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Will smart-phone friendly mileage stickers help car buyers make smarter choices?

The EPA's next generation of mileage labels are smart-phone friendly and were designed to give consumers more ways to compare the efficiency and pollution levels of vehicles of all engine types.

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• A scannable code allows smartphone users to tap online information – including special “apps” that let them compare fuel economy, environmental and energy factors on the fly. Consumers can also enter details about their commutes and driving behavior to get more exact data on fuel savings.

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Loss of letter grade is mourned

While the Alliance of Automobile Manufacturers and groups like the Consumers Union and the American Automobile Association praised the administration for pushing ahead on new labels, some groups were at least a little bit unhappy.

One key feature – a school-like letter grade to help rate at a glance vehicles against their peers – was dropped. That, according to some groups, was due to pressure from manufacturers that didn't like the idea of unflattering letter grades appearing on some gas guzzling vehicles.

“At a time when the price of gasoline is causing pain at the pump, EPA’s decision to forego clear, letter-grade fuel efficiency labels is a missed opportunity,” said Michael Livermore, director of the Institute for Policy Integrity at New York University School of Law, a nonpartisan think-tank on law, environment, and consumers. “At the next opportunity, the agency should correct this error, reflect the latest studies on consumer behavior and select the clearer, letter-grade label design,” he said in a statement.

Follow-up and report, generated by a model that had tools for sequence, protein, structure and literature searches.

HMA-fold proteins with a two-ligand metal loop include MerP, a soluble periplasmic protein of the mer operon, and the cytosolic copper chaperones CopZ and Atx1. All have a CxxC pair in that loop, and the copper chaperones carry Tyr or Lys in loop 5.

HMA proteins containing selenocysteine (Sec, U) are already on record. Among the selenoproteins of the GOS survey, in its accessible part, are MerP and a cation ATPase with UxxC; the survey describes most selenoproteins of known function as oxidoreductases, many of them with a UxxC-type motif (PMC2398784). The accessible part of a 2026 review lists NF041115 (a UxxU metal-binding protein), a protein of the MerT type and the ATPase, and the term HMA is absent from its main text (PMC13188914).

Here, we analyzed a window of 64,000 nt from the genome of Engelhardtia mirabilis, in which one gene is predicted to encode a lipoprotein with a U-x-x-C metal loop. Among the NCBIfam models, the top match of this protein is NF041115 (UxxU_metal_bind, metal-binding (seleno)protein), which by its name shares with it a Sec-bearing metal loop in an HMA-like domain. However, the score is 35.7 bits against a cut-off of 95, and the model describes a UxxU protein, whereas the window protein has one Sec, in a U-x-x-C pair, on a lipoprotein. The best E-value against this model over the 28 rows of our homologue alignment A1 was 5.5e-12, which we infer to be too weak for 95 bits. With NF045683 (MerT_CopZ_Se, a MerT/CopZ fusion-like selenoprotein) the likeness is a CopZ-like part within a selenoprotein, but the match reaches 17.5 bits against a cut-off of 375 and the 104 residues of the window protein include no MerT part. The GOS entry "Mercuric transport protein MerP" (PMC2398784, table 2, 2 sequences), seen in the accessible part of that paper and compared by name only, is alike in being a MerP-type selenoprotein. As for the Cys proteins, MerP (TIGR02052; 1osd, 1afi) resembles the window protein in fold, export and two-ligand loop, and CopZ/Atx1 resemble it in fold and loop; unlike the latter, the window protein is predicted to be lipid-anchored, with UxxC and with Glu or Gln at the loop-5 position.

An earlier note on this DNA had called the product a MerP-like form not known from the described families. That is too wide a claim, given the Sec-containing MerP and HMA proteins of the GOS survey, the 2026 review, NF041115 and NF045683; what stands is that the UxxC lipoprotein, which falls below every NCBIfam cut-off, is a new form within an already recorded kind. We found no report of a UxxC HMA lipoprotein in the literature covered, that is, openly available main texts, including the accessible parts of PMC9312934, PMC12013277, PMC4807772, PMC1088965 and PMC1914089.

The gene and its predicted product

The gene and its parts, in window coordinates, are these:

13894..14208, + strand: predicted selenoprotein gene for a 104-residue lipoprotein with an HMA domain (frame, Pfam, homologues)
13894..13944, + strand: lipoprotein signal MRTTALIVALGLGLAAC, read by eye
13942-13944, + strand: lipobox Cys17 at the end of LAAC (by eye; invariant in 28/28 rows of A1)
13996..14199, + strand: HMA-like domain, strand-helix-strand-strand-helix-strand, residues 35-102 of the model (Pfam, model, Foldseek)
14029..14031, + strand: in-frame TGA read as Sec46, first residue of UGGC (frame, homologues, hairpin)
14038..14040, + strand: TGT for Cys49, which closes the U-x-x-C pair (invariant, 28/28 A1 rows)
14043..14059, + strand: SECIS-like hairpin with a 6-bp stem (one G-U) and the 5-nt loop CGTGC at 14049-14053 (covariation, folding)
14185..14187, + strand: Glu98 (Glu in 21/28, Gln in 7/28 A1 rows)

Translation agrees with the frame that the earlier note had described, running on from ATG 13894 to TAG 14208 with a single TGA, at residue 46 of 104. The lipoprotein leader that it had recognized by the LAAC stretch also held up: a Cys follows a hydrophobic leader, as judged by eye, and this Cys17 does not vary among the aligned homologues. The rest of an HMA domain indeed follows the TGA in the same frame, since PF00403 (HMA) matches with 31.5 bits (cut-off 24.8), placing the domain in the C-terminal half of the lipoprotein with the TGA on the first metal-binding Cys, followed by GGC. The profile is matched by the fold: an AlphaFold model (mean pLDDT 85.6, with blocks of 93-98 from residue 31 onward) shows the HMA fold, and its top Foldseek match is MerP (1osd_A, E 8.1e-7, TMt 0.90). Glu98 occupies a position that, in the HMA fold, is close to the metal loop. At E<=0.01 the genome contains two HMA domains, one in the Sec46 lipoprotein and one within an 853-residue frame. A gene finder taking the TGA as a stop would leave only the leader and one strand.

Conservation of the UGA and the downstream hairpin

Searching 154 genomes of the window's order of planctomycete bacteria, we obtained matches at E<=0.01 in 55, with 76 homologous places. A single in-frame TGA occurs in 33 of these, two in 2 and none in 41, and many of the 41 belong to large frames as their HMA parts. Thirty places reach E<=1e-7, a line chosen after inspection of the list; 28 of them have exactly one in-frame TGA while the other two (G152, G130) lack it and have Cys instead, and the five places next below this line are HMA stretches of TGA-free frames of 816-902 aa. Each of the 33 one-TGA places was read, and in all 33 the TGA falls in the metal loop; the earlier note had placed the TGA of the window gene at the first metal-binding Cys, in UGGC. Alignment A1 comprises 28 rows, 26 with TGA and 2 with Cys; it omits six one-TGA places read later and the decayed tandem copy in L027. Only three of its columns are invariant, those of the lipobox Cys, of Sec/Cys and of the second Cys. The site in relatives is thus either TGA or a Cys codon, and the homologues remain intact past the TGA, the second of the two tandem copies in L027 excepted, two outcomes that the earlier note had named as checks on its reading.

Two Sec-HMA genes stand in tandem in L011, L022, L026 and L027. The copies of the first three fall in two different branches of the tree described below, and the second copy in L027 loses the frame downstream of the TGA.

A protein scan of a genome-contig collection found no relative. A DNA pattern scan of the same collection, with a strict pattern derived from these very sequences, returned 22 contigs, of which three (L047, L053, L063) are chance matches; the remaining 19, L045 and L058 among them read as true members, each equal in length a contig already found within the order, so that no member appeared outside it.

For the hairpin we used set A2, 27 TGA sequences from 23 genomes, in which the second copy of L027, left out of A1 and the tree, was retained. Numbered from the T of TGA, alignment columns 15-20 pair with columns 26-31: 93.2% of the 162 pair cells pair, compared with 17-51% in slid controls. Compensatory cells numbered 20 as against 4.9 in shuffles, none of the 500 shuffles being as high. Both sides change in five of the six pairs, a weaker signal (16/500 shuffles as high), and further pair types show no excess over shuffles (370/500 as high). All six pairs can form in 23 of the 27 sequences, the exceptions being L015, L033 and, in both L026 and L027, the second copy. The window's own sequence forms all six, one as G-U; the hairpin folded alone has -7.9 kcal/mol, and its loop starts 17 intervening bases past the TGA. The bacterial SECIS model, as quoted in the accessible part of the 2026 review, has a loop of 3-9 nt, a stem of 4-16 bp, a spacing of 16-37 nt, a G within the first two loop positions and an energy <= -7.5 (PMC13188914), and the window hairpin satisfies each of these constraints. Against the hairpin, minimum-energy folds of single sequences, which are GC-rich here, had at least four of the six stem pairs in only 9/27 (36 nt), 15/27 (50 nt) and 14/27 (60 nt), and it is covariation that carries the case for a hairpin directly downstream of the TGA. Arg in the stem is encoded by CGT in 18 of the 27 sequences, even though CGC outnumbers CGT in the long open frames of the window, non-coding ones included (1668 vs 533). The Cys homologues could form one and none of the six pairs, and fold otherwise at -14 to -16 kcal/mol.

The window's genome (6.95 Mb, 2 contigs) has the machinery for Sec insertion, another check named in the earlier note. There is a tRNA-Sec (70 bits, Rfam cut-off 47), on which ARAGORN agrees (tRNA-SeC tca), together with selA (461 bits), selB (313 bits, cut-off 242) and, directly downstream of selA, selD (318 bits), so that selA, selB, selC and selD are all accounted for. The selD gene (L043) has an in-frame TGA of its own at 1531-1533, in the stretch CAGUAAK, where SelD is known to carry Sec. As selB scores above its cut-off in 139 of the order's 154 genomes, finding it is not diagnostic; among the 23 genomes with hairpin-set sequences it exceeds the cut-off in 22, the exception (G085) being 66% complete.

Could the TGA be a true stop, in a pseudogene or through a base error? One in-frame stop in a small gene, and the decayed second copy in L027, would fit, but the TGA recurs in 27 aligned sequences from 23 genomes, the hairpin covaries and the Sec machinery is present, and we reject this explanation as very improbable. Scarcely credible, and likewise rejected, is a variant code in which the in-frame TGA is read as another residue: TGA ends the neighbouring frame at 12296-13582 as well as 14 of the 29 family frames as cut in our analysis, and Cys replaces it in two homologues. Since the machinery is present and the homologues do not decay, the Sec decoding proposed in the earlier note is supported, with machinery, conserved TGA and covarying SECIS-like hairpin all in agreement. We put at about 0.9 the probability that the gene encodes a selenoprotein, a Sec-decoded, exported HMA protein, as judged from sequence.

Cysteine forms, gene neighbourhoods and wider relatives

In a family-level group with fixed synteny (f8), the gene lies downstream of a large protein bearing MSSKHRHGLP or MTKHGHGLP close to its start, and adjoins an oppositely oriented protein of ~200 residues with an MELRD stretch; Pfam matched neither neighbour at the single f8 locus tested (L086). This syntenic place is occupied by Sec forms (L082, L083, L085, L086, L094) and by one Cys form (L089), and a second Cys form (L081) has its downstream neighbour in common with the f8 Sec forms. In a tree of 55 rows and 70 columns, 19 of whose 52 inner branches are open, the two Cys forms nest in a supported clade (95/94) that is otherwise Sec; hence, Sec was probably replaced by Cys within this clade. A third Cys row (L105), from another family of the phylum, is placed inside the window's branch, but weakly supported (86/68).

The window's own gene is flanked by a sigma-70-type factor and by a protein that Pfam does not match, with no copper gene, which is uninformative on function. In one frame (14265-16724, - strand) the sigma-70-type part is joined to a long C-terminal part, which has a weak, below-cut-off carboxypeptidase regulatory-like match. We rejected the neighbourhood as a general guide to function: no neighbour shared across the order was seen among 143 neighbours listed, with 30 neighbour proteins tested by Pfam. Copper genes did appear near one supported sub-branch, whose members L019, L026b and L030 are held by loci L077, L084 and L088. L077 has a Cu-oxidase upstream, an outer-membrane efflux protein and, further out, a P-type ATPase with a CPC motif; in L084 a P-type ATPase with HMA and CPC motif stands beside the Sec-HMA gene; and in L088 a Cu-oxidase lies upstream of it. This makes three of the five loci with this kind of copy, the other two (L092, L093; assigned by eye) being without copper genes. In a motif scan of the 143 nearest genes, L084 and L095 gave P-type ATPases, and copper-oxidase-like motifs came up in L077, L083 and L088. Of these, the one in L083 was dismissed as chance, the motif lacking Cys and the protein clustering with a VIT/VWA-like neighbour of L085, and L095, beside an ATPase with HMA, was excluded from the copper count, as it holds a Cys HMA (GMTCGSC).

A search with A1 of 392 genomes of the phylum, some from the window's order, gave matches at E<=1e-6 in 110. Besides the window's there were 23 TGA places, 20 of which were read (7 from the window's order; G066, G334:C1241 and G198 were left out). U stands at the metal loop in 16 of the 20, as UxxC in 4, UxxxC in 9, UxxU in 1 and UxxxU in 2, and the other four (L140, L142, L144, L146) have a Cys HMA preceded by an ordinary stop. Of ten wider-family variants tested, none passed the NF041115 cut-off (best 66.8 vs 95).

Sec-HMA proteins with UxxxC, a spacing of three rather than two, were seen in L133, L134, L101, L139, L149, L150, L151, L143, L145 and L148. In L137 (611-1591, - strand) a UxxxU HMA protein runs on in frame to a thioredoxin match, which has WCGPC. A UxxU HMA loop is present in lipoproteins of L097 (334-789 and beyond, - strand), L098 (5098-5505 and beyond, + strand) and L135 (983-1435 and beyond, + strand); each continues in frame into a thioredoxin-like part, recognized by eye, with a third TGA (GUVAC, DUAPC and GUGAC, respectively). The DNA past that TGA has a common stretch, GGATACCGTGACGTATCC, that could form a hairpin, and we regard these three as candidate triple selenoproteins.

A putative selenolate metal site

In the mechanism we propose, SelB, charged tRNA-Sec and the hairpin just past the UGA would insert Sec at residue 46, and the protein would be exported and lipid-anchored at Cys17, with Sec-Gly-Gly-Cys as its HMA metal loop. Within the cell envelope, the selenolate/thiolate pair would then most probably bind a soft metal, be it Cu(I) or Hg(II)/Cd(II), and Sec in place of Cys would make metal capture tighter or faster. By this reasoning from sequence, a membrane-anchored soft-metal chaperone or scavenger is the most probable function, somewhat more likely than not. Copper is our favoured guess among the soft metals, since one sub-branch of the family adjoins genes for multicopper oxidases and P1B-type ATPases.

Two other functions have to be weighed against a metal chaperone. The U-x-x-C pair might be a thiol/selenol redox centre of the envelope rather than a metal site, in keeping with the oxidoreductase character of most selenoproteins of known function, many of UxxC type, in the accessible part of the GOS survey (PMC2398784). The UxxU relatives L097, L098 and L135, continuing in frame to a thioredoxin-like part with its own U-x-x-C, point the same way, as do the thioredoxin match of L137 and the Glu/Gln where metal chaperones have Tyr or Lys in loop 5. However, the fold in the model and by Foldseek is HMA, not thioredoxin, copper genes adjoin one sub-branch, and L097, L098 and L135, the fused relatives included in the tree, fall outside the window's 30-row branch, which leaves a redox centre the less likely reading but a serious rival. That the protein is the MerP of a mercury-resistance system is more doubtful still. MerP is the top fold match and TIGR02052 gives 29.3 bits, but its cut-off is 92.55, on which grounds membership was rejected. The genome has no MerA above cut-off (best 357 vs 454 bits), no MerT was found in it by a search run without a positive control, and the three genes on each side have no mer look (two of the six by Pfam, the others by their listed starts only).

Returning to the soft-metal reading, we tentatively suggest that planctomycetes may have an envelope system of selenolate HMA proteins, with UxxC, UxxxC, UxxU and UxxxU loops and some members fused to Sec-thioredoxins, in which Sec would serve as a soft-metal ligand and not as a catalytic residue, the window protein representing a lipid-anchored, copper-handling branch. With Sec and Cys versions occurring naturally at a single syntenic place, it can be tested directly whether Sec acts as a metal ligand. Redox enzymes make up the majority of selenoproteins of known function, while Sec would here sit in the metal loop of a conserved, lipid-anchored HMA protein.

Dan Becker, who directs the Safe Climate Campaign at the Center for Auto Safety in Washington said that while the new window sticker “offers genuine improvements,” the administration’s decision is “deeply disappointing.”

The improvements include five-year gas savings and more information about pollution, but the administration’s decision to drop the clear letter grade “is a lemon.”

Praise from auto industry

But automakers hailed what they called the new label’s strongest feature: giving the nation a single reference point on fuel economy.

“While the decision to pass on a letter grade has been circulating for weeks, the news today is that EPA is requiring a single national fuel economy label (no more separate label for California),” Gloria Bergquist, a spokeswoman for the Alliance of Automobile Manufacturers, said in a statement.

The automakers were joined by other environmentalists who agreed it was a good move.

“Information is power – in this case, the power for Americans to choose the cleanest new cars,” said Nathan Willcox, Federal Global Warming Program Director for Environment America. “These new labels are an important step toward getting cleaner, more fuel-efficient cars on the road, which will cut air pollution and ease Americans’ pain at the pump.”

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